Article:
FSC (South Korea): UPbit faked its balance sheets and deceived investors

upbit exchange

A fraud investigation into UPbit, South Korea’s largest crypto exchange, has widened into a government task force review of all existing regulations.

South Korea has now widened its probe into record manipulation in the country’s booming crypto-currency trading market after the Seoul Southern District Prosecutors’ Office raided the offices of the UPbit exchange on Friday.

The investigation into UPbit, which is South Korea’s largest exchange and the world’s third-largest market in terms of daily transactions, is due to the levels of reported crypto-currencies sales.

“Our latest findings show that [UPbit] faked its balance sheets and deceived investors,” an official told Korea Times.

The wider probe is being handled by an inter-department task force that will include investigators from the Financial Supervisory Service (FSS) of South Korea, the Korean Financial Intelligence Unit and the Financial Services Commission (FSC).

According to Korea Times, the investigation will now be extended to the country’s second largest crypto exchange, Bithumb, and will examine both corporate bank account records and the liquidity of the exchanges and is also collaborating with authorities in other countries.

The task force will examine if exchanges are inflating the crypto holdings they say they own or if they are also processing trades on behalf of clients without actually moving the funds. The government says exchanges must be able to prove, through formal audit reports, the actual status of their accounts and regulators say they will now go on to also review all existing South Korean crypto-currency regulations.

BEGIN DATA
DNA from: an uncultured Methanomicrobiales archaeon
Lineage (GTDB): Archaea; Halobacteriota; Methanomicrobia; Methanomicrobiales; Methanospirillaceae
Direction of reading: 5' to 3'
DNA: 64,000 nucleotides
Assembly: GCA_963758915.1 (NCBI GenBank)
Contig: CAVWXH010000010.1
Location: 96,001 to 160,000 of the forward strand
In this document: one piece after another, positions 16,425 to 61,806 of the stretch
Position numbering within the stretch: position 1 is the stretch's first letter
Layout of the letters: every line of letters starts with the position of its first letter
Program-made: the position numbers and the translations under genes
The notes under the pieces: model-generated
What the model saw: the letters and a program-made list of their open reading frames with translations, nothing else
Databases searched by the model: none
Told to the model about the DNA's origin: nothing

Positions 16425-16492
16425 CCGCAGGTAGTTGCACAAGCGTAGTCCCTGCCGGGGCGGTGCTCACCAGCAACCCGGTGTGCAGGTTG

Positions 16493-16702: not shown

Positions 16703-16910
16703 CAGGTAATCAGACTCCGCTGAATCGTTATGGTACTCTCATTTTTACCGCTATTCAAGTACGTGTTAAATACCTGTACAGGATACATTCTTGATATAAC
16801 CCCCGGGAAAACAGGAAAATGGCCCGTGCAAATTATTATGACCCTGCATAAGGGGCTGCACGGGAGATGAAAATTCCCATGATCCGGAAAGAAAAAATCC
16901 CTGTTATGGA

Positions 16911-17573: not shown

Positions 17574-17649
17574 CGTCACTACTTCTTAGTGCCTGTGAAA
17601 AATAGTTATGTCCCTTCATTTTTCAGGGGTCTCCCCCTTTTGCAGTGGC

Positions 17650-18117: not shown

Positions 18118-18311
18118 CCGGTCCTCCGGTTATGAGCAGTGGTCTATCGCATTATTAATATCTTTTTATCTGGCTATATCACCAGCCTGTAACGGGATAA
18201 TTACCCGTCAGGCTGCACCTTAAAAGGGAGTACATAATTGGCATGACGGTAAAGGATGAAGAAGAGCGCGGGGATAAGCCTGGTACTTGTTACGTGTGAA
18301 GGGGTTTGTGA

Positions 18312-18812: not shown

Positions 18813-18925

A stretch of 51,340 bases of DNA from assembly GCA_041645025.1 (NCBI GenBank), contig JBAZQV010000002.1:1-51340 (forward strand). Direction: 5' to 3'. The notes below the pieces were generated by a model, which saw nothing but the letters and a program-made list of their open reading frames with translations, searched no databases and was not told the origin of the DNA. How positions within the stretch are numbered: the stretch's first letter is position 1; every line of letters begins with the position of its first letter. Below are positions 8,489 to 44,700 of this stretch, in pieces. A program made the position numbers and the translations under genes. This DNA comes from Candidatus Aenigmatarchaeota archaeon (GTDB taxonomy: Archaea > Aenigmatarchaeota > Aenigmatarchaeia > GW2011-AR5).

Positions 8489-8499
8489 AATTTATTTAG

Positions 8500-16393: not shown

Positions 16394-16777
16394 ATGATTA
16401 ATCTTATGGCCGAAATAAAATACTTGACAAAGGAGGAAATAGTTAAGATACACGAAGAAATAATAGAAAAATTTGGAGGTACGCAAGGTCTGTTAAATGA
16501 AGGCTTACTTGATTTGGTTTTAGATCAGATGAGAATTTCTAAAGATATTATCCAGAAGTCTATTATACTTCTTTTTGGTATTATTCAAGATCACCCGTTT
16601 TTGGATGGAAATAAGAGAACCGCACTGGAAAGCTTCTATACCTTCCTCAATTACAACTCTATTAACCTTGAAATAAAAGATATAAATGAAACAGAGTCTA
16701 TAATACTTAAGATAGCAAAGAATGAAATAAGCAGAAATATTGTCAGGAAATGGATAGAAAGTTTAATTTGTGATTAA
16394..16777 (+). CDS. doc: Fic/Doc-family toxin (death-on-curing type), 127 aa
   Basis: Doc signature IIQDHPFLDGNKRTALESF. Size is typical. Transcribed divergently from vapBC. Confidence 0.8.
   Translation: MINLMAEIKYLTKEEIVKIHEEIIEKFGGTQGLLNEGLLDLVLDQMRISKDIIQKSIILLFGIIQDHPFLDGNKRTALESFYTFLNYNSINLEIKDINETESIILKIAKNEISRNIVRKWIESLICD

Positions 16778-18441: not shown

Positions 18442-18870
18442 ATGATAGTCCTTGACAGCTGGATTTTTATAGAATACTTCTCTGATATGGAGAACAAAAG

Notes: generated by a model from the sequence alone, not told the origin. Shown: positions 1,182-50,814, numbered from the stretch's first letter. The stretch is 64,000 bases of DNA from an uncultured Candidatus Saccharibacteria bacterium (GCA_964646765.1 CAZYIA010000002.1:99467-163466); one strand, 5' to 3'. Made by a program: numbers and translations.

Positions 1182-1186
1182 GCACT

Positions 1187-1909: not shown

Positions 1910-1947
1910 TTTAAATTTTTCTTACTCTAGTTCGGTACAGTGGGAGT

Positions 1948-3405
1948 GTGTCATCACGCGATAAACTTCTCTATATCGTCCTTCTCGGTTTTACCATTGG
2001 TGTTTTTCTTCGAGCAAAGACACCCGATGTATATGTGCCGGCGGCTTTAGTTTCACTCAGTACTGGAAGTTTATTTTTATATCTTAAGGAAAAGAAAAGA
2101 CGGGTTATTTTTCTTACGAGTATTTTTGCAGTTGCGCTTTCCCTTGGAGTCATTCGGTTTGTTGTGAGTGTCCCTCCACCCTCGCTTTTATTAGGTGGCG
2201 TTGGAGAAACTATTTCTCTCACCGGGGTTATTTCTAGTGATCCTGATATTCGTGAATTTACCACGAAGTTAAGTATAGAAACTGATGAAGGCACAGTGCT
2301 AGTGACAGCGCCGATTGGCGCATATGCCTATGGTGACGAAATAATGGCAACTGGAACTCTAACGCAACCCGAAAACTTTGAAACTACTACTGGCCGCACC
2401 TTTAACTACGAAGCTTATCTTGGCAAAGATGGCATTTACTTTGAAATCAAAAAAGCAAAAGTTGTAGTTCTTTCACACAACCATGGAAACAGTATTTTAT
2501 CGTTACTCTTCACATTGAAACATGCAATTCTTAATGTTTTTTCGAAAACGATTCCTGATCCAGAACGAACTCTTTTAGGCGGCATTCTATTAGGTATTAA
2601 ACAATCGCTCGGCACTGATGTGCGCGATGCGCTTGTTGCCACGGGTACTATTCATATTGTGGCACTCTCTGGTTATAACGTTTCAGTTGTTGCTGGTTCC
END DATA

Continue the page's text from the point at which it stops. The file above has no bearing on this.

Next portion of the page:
In March, Upbit announced it was launching its own system to “prevent damage due to illegal fraud and to create a sound crypto-currency ecosystem” by launching a new reward-based system aimed at getting its users to identify illegal ponzi scams that pose as crypto-currencies or ICO tokens. Those who find and report scams would be rewarded with cash prizes.

The move came after authorities started a series of crackdowns against excessive speculation, ponzi-type scams and suspected money laundering by banning ICOs and anonymous trading and also by raiding several smaller crypto businesses.

Upbit, which moves approximately $1.6 billion worth of crypto-currency trades a day, acknowledged the raid on Friday via a client notice and said it was co-operating with authorities and that its trading platforms and client investments remained unaffected.

South Korea holds an influential place in the global crypto-currency market and, according to data from Bloomberg, only the US dollar is used more than the Korean won in major crypto trades.

The South Korean currency accounts for something like 10% of all global Bitcoin trades. Global crypto prices fell sharply following the Friday raid on Upbit, but have since rallied. Bitcoin, which sat at above $9,300 on Friday, fell as low as $8,300 on Sunday and was now hovering around the $8,700 mark.

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